I associated freaks with elephants after watching this show on tv when I was young, being the impressionable kid I was then, which resulted in my healthy disinclination for even cutesy animated Elephas maximus characters on tv, like the one of a little, orphaned elephant that became king of the elephants - Barbar The Elephant.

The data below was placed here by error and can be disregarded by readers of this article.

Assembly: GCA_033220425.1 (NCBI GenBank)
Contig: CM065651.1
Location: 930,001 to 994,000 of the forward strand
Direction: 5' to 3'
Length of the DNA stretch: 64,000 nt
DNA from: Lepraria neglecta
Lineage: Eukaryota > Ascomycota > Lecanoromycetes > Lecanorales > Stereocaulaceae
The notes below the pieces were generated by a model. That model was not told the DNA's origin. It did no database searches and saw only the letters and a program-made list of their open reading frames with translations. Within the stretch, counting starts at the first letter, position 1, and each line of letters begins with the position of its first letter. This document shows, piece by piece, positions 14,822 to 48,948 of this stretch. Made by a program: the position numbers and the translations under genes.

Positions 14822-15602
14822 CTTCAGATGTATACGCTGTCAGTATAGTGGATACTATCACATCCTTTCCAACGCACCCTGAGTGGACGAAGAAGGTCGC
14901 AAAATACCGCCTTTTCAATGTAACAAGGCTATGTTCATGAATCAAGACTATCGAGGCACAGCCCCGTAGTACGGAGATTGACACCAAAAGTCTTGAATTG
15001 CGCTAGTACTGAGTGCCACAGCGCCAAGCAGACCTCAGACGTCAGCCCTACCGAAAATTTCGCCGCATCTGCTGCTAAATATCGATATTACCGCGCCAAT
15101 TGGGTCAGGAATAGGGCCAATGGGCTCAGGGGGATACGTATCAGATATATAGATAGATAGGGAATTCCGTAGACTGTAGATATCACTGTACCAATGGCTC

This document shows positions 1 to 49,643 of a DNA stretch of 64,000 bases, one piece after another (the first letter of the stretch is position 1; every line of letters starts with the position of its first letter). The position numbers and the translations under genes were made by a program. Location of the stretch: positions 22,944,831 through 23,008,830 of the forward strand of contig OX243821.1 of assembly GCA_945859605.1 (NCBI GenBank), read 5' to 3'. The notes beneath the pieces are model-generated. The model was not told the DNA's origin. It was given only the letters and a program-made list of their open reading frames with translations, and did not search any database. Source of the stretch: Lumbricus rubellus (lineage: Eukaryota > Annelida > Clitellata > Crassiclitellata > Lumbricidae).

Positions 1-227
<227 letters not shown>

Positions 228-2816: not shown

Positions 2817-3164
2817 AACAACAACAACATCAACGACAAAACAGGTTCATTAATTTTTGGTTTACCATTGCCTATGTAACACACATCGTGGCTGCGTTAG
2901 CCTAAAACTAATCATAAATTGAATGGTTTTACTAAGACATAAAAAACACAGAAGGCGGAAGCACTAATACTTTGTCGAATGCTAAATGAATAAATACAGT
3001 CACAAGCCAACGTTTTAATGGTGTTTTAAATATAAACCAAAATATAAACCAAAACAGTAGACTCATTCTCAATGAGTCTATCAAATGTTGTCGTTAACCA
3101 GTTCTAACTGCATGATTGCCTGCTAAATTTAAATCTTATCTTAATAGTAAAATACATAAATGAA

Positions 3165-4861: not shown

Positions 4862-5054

Reading this real life story of Joseph Merrick a dozen years later, I am humbled by his will, courage and determination to be educated even with the public contempt and stigma his unfortunate disfigurement brought. Joseph apparently suffered frm Proteus Syndrome, a condition which involves atypical growth of the bones, skin, head, and a variety of other symptoms. Joseph had a misshapen head due to an extreme overgrowth of bone in his skull and the right side of his body. He was thrown out of the house by his step-mother, sold shoe-black in the streets, paraded in a Victorian circus freakshow, but was later rescued by Surgeon Frederick Treves. After several appearances to the medical community, he becomes somewhat of a celebrated medical observation, and then is well cared for. However, it is his struggle for survival, the never-ending quest for knowledge and thirst for genuine human relationship that makes the book worth reading.